THIS ARTICLE IS MORE THAN FIVE YEARS OLD
This article is more than five years old. Autism research - and science in general - is constantly evolving, so older articles may contain information or theories that have been reevaluated since their original publication date.
When I hear about parents who swear that their child with autism improved on an alternative, restricted diet, I immediately assume it’s a placebo effect. Diet-based treatments have not been rigorously tested and don’t work for most people with the disorder.
But that doesn’t mean there isn’t another explanation.
Autism is a heterogeneous disorder, meaning that it can result from a wide variety of genetic and biological insults, alone or in combination. It may be that restricted diets only work for children with certain mutations in metabolic pathways. But how would we know whether a particular child carries those sorts of mutations?
A new study, published 15 June in Science Translational Medicine, is an encouraging example of how our genes can point the way to effective treatment. The key to unraveling this map, the researchers suggest, is sequencing people’s entire genomes, not just the genes we already think might be involved.
The researchers examined a pair of 14-year-old non-identical twins diagnosed with dopa (3,4-dihydroxyphenylalanine)-responsive dystonia, or DRD, a movement disorder with symptoms similar to those of Parkinson’s disease. Like autism, DRD is both genetically and clinically complex: There are multiple genes associated with DRD, and several individuals have the disorder with no known genetic cause.
When the researchers sequenced the genomes of the twins and their family, they did not see a mutation in either of the two genes that traditional DRD tests scan.
Instead, they identified all the genetic variants shared by the twins, and then eliminated variants that don’t change the protein sequence, and common ones that are not likely to lead to disease.
They did not find any variants that affect both copies of a gene, but identified three genes that each have two different variants, one for each allele.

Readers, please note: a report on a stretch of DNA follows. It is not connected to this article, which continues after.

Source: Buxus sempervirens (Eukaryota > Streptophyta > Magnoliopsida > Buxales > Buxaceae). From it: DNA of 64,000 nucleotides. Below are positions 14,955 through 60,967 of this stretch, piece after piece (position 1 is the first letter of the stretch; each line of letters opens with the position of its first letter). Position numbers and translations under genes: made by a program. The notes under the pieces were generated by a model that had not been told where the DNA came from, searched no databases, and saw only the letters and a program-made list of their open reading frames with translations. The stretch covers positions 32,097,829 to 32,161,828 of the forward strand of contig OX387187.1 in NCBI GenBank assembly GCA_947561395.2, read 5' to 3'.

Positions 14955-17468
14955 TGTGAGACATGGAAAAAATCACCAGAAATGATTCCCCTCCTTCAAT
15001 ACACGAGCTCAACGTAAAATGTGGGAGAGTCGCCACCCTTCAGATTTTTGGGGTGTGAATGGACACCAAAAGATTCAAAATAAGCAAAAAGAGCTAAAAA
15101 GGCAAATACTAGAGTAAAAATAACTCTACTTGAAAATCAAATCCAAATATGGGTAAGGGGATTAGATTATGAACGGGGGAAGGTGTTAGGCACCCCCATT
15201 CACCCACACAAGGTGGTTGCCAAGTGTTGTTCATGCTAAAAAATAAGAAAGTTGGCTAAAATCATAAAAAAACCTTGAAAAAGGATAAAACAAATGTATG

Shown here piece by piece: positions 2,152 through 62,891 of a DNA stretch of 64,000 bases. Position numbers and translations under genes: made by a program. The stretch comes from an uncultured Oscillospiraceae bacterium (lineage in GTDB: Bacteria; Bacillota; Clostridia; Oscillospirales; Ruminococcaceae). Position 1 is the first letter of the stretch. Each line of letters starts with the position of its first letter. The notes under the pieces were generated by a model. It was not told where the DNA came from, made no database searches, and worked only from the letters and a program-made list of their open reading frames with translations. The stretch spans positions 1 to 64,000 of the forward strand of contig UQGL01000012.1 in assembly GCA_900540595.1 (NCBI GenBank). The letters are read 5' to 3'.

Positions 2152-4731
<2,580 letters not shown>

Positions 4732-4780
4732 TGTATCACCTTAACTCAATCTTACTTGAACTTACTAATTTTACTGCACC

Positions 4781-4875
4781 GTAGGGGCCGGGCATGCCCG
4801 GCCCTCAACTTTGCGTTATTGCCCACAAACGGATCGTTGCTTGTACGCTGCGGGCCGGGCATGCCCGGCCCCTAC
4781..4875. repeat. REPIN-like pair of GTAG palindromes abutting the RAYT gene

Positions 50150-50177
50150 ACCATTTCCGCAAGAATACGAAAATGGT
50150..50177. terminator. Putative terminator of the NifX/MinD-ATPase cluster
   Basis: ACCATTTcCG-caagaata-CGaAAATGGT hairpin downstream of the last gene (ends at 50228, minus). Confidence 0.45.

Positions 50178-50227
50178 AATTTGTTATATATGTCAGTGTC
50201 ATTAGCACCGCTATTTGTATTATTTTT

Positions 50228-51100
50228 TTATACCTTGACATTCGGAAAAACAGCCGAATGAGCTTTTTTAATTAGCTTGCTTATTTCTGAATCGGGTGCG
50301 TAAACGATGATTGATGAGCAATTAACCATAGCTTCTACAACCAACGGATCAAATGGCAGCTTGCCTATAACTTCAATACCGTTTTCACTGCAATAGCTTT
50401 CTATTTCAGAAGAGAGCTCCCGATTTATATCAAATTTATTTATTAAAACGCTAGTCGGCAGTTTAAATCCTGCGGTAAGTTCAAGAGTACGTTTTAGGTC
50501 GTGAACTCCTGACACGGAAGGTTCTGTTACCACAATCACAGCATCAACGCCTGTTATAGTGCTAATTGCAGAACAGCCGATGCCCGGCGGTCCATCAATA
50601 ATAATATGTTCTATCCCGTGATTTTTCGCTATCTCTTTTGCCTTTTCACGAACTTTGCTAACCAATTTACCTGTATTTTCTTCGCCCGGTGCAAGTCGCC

One of these, sepiapterin reductase, or SPR, had already been fingered in two families with the disorder, but at the time tests for DRD didn’t include the gene.
And here’s the best part: A mutation in SPR suggests an obvious course of action because it affects the production of both dopamine and serotonin.
When the researchers gave the twins 5-hydroxytryptophan, or 5-HTP, a serotonin precursor, both improved markedly within four months. One of the two returned to playing sports after an absence of 14 months.
Yes, the researchers were lucky. The variant they identified had already been linked to the disorder, and there was an obvious treatment.
But I can think of several examples where ‘luck’ could similarly help individuals with autism.
Studies have found that metabolic syndromes can sometimes lead to autism-like symptoms. For example, phenylketonuria, caused by an extreme sensitivity to the amino acid phenylalanine, is an easily treatable disorder that can have profound cognitive consequences if left undiagnosed. In these rare cases, whole genome sequencing could identify and treat individuals with autism who have metabolic disorders.
Several researchers advocate for routine, clinical whole-genome sequencing. I couldn’t agree more. For a disorder that is so mind-spinningly complex, any information is a good thing.